Why the whale?

Blue whales are one of the most remarkable species on the planet.

They are the largest animals ever to have lived, but we are only just getting a clear idea of how these elusive creatures behave.

The artist render of how the skeleton appears in Hintze Hall
Working out the hanging mechanics

Skeletons like this are vital for understanding life in the ocean. When this whale beached in 1891, the villagers who found it referred to it as a sea monster.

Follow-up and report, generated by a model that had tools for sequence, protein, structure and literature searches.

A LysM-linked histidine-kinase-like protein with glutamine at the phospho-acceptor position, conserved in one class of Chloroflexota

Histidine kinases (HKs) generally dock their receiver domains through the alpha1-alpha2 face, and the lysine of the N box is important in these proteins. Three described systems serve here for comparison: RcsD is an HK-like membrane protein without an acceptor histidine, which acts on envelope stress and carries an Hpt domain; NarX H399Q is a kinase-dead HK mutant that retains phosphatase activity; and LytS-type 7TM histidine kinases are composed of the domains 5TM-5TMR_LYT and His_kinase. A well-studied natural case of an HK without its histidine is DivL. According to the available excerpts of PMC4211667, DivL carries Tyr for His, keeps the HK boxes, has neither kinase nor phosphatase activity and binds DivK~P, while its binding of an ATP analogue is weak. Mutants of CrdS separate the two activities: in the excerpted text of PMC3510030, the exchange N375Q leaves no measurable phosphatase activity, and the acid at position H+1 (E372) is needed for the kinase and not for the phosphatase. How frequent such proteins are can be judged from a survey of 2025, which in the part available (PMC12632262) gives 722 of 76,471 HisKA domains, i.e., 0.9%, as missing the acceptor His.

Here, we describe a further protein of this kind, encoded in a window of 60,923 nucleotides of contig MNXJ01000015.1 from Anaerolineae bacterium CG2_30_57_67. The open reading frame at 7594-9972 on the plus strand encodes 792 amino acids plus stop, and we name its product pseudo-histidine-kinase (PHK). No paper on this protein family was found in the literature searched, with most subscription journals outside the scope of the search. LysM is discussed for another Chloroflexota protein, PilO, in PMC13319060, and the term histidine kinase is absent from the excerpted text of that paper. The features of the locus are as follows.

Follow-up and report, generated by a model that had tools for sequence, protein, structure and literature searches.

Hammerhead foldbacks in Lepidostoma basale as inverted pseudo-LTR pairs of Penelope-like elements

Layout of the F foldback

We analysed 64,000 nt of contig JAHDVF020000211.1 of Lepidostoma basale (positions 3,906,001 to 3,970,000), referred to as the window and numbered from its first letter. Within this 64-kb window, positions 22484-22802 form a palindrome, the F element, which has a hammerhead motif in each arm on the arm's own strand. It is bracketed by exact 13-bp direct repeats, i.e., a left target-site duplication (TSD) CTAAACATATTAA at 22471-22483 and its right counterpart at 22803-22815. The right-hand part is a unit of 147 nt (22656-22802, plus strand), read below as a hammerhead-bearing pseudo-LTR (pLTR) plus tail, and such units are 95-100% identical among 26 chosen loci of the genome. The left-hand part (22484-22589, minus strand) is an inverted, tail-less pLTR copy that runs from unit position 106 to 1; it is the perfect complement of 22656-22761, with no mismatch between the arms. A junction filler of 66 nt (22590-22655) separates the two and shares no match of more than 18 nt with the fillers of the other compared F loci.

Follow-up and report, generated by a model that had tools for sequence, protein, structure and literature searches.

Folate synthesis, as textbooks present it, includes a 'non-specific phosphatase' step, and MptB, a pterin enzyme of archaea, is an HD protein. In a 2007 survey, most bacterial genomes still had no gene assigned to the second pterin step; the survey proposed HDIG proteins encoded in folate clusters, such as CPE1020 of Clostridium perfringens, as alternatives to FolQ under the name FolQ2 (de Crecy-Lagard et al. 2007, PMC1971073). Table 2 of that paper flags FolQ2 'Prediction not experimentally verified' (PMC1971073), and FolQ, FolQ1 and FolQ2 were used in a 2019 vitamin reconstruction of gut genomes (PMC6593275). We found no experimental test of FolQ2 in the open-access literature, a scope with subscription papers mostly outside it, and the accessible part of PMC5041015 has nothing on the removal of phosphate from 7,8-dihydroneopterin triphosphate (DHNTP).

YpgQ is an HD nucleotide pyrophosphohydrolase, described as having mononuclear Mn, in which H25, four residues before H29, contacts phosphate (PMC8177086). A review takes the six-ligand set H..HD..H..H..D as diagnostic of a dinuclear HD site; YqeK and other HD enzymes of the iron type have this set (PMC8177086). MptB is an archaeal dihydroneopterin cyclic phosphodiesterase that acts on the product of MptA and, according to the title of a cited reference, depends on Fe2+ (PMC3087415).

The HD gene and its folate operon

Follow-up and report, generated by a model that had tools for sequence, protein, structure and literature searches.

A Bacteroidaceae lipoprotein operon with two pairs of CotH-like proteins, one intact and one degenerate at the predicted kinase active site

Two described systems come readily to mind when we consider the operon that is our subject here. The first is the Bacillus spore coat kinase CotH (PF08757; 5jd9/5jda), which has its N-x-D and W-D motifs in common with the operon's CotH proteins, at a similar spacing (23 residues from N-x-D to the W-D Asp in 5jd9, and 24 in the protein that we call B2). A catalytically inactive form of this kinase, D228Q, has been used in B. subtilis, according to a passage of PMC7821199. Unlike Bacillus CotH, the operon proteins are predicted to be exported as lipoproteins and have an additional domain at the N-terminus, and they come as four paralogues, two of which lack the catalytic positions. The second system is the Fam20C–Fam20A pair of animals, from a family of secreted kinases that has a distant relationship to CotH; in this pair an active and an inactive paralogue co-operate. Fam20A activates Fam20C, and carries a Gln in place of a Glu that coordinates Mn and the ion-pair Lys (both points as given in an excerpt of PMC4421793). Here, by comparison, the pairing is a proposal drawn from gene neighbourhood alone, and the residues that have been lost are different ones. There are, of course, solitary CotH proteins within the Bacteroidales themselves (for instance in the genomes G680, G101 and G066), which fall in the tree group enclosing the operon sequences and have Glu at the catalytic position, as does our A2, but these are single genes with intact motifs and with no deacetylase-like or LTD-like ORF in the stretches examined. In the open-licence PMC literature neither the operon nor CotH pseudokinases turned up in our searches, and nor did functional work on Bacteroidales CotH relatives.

But every year, new fossil discoveries and DNA evidence are providing insight into how whales evolved and live.

Hanging in Hintze Hall, this specimen is suspended in the centre of the Museum. It is surrounded by millions of other specimens that represent the Museum's key focus: researching the origins of life on Earth, the diversity of life, and making the future sustainable.

Scientists are researching specimens in these collections to better understand the natural world and its history.

Which specimens have taken centre stage in the Museum over the years?

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